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Supreme Court Indicates ‘Hobby Lobby’ Ruling Reaches Entire Birth Control Benefit

Jessica Mason Pieklo

In a series of orders issued Tuesday, the Supreme Court let stand lower court rulings upholding religious objections to providing any contraceptive coverage under the Affordable Care Act.

Read more of our coverage on the Hobby Lobby and Conestoga Wood cases here.

Just one day after announcing its decision in Burwell v. Hobby Lobby that for-profit companies can assert religious objections to the birth control benefit in the Affordable Care Act, the U.S. Supreme Court all but confirmed its decision applies broadly to the contraceptive coverage requirement and not simply the limited number of contraceptive methods Hobby Lobby and Conestoga Wood objected to in their litigation.

In a series of orders issued Tuesday, the Roberts Court sentsix cases back to the federal courts to reconsider rulings in light of its decision in Hobby Lobby. In three cases, federal appeals courts had rejected challenges to the birth control benefit. In those cases, the Supreme Court ordered the appellate courts to take another look at their conclusions in light of the Roberts Court ruling that for-profit companies can assert religious objections under the Religious Freedom Restoration Act.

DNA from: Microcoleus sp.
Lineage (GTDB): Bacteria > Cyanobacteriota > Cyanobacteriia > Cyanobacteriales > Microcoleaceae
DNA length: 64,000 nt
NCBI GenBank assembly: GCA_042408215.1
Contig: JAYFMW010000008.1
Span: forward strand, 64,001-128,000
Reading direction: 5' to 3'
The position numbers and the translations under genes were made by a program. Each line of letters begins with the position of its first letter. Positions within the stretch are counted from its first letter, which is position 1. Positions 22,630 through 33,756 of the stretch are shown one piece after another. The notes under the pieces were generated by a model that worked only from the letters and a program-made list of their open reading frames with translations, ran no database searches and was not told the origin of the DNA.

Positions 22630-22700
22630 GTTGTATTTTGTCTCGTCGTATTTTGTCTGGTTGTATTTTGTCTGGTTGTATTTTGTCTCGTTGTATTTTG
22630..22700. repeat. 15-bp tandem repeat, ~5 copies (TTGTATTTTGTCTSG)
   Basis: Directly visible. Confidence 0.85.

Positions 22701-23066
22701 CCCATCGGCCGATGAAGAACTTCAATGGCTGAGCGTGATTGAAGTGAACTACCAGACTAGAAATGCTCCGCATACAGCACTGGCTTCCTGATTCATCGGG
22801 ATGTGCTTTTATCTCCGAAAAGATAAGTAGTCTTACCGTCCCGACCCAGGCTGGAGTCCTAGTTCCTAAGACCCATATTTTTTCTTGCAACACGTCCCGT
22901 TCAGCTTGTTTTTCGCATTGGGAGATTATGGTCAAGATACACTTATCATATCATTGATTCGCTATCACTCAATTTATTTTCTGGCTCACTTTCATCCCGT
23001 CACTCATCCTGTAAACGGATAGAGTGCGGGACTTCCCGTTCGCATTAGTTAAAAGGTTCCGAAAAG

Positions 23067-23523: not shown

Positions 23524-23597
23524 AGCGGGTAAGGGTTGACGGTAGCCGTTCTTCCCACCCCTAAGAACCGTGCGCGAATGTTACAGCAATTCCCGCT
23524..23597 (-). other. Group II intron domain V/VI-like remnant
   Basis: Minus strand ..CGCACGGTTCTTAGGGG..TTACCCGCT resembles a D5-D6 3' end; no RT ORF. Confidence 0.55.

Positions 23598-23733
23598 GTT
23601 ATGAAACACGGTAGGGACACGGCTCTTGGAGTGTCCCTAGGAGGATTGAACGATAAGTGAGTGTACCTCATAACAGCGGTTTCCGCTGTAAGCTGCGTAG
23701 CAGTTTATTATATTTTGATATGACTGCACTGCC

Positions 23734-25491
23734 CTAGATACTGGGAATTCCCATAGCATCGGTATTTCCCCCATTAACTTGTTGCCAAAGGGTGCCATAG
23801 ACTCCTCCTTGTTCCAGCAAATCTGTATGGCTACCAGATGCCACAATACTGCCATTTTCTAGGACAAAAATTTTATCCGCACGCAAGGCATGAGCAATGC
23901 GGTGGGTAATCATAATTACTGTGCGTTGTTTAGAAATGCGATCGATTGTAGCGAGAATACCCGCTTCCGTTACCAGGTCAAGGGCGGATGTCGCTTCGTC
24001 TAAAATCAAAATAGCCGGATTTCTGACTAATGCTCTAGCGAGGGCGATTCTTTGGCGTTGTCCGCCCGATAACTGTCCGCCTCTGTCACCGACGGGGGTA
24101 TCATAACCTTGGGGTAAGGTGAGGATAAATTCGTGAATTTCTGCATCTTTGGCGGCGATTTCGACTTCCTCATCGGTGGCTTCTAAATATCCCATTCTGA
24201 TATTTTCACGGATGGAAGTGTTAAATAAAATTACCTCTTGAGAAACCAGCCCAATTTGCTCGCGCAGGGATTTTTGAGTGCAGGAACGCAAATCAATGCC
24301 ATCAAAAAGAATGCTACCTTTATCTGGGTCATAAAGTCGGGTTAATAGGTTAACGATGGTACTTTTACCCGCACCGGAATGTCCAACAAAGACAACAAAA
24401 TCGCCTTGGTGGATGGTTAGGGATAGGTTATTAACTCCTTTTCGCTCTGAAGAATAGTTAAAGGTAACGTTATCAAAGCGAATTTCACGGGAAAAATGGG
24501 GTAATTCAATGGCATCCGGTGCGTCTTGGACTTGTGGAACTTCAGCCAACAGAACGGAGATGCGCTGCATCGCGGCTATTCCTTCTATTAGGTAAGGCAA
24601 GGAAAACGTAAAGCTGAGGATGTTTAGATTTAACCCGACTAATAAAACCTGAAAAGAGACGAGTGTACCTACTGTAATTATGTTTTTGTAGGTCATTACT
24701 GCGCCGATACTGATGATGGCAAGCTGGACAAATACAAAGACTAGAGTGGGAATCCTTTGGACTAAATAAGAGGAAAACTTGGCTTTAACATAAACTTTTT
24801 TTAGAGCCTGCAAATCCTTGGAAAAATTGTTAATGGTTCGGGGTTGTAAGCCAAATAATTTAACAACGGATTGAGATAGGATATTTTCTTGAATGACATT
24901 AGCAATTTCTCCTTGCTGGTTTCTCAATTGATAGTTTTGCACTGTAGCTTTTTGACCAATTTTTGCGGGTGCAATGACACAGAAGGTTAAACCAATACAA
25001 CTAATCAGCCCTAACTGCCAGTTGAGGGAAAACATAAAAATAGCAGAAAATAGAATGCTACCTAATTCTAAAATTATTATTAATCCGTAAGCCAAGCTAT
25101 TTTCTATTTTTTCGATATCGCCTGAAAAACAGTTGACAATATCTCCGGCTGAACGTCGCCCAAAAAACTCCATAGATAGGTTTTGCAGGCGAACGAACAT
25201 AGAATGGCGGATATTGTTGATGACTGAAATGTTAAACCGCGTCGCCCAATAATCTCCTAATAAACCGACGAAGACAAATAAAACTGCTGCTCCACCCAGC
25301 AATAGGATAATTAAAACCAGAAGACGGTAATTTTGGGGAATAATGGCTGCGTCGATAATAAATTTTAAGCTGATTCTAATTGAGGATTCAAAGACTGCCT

In three other cases, federal appellate courts had ruled in favor of for-profit business owners. In those cases, the Supreme Court denied review, leaving stand the appeals courts’ decisions in favor of the businesses.

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Among the cases that will be reconsidered is the Eden Foods case involving a Michigan organic foods company whose owner claimed a religious objection to all forms of contraceptive coverage. In an interview with Irin Carmon in April 2013, owner Michael Potter quipped the reason he was filing a suit was “[b]ecause I’m a man, number one and it’s really none of my business what women do.” Potter followed with: “Because I don’t care if the federal government is telling me to buy my employees Jack Daniel’s or birth control. What gives them the right to tell me to do that?”

Each of the orders issued Tuesday involved religious objections to all forms of contraceptive services covered under the Affordable Care Act.

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